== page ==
In business for 116 years, Harley disappointed Wall Street this week when it said it generated effectively no profit in the fourth quarter. It cited tariffs imposed by US President Donald Trump that have hurt Harley in growth markets outside the US.
It was an ominous sign, because while Harley has for years been under business pressure - its owner base is aging, and motorcycle sales in the key US market are in terminal decline - it has also been a revenue stalwart. Since 2006, the company has endured exactly one quarter in which it brought in less than $1 billion, and that was during the financial crisis.
Harley's top line is enviable, but it's based on selling large motorcycles at high prices. That market has been dominated by HOG for decades, with alternatives supplied by Japanese cruisers - excellent bikes, but lacking that Harley attitude, that V-twin roar and stomp, and, of course, the outlaw credibility.
But nowadays, Harley is facing homegrown competition from a resurgent Indian Motorcycle, a historic rival that faded in the 20th century only to recover under new ownership in the 21st. Brands such as Ducati and Triumph have made a better pitch to young riders, while the urban and entry-level markets are coming under attack by newcomers like Royal Enfield.
Harley's outlook isn't as bad as the headlines. The Trump damage undermines the brand's growth and profitability in Europe and Asia, but Harley already has its hands full developing the right product for those markets. The serious issue is the timeframe of decline in the US.
That timeframe is almost classic business-school-case-study long. It could take decades for Harley to enter serious decline. With its core product, bikes with engine displacements over 600 cubic centimeters, it control half the US market. It's like General Motors in the 1950s - and though GM's business ebbed after the Eisenhower era, it took 59 years for the automaker to enter bankruptcy.
CEO Matt Levatich has one tough job ahead of him. He could plausibly sit back and communicate to investors that even though shares have declined 45% over the past five years amid surging growth in the major stock indexes, Harley is paying an annual dividend yield of 3% to 4%, substantially ahead of the rate of inflation. Those $1 billion-plus quarters will continue to roll in. Long term, everybody's dead, but by then the only hog-riding we might be doing is in the "Wild One" sub-realm of the Elon Musk worldwide simulation, based on Mars.
Instead, Levatich is trying to keep the business relevant, developing smaller bikes for new markets and younger, urban riders while also bringing an electric bike, the $30,000 LiveWire, to the US market later this year. Harley has kind of been here before - in the 1990s and early 2000s, it supported a sport-bike brand called Buell, but it put it to rest in 2009.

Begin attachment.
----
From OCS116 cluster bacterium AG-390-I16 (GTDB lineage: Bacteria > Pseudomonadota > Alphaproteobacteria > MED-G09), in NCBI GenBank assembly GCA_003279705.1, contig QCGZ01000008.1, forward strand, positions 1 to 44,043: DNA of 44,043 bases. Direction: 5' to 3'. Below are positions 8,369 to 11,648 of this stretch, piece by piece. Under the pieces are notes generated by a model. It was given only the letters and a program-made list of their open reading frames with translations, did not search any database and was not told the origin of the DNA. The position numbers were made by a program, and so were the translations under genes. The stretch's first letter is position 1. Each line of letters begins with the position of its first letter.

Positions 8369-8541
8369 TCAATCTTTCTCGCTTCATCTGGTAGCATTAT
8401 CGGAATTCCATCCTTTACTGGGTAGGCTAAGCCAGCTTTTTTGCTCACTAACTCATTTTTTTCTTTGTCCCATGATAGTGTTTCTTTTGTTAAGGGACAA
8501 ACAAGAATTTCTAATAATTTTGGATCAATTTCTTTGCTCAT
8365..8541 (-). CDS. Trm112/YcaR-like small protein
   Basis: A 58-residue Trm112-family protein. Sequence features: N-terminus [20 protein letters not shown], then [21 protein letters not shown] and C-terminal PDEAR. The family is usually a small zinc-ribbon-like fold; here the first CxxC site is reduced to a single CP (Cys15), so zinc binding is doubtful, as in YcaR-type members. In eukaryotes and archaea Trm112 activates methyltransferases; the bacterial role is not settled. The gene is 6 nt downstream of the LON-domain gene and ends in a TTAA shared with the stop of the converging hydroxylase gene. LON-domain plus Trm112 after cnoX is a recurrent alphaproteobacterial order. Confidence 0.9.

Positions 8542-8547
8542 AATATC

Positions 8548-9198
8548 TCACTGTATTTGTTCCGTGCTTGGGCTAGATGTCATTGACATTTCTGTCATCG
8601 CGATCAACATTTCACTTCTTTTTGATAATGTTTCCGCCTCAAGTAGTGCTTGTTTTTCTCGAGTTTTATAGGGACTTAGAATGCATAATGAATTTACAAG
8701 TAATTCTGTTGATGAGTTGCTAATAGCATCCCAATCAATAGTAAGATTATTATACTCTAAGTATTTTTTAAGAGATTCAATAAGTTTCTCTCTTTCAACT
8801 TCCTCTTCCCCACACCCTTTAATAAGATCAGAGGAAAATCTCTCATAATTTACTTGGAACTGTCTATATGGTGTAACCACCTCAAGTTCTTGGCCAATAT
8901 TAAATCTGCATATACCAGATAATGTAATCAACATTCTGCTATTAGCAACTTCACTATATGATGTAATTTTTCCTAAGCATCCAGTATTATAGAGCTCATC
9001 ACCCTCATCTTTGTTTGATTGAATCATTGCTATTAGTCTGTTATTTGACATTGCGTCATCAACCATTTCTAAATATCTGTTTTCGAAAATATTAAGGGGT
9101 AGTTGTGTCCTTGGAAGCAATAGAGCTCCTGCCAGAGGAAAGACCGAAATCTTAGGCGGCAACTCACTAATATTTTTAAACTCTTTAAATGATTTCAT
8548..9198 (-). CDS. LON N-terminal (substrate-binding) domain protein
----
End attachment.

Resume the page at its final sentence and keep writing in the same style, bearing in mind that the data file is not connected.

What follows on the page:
Harley has also been trying to create buzz around the legacy brand through merchandising, but it's more useful to think of that as advertising. And it's a big move to go from a T-shirt to entry-level bike. (For starters, you have to learn to ride it - something Harley does a fine job of teaching through its dealerships - but that is expensive and time-consuming.)
The news makes Harley appear doomed. But it's no more doomed than, say, Ford. The carmaker is also over 100 years old, has seen its stock price slide, is in the middle of a reinvention - and has been raking in cash for almost a decade by selling highly profitable full-size pickup trucks.
Both companies are victims of Wall Street's growth obsession. Growth companies, historically, have been risky investments with stories for sale. You buy them with the understanding that you could lose everything. Amazon has shifted that logic by fueling seemingly endless growth by renouncing steady profits; the giant won't relent until the government accuses it of being a monopoly.
Harley doesn't really need to grow, but by that token it has to be okay with investors paying an unexciting stock price for access to the company's cash flow. Unfortunately, that's a ticking-clock proposition, even if it will be the second Ocasio-Cortez administration before the last hog gets on the road in the US.
Meanwhile, Harley will remain cool. Its product is glorious. Tariffs are usually bad business and could eventually go away. Electric motorcycles could become a thing. None of that will release Harley from the jaws of Wall Street short-termism, with markets pricing the stock for dividend access rather than a big future return.
Worse, the sales trends and brand demographics are unlikely to reverse in the US. But they also aren't going to collapse. This is why Levatich is in an impossible position. Everything about Harley argues for stewarding that last batch of baby boomers on their final rides before they head off to that Great Biker Bar in the Sky, while simultaneously getting a smaller gang of Gen Xers and millennials onto "real" motorcycles so that Harley's decline is extremely gradual.
No CEO wants to oversee such a depressing narrative; as the generals say, nothing is harder than a fighting retreat. What's probably going to happen is that Harley will continue to thrash around, at least until the next recession - unless, of course, the company goes delusional and borrows more money to chase growth, adding to an already elevated debt situation.
Look, I know it's kind of sad. But sometimes you have to accept that you're in the final chapter. Fortunately for Harley, that chapter could take decades to be written.
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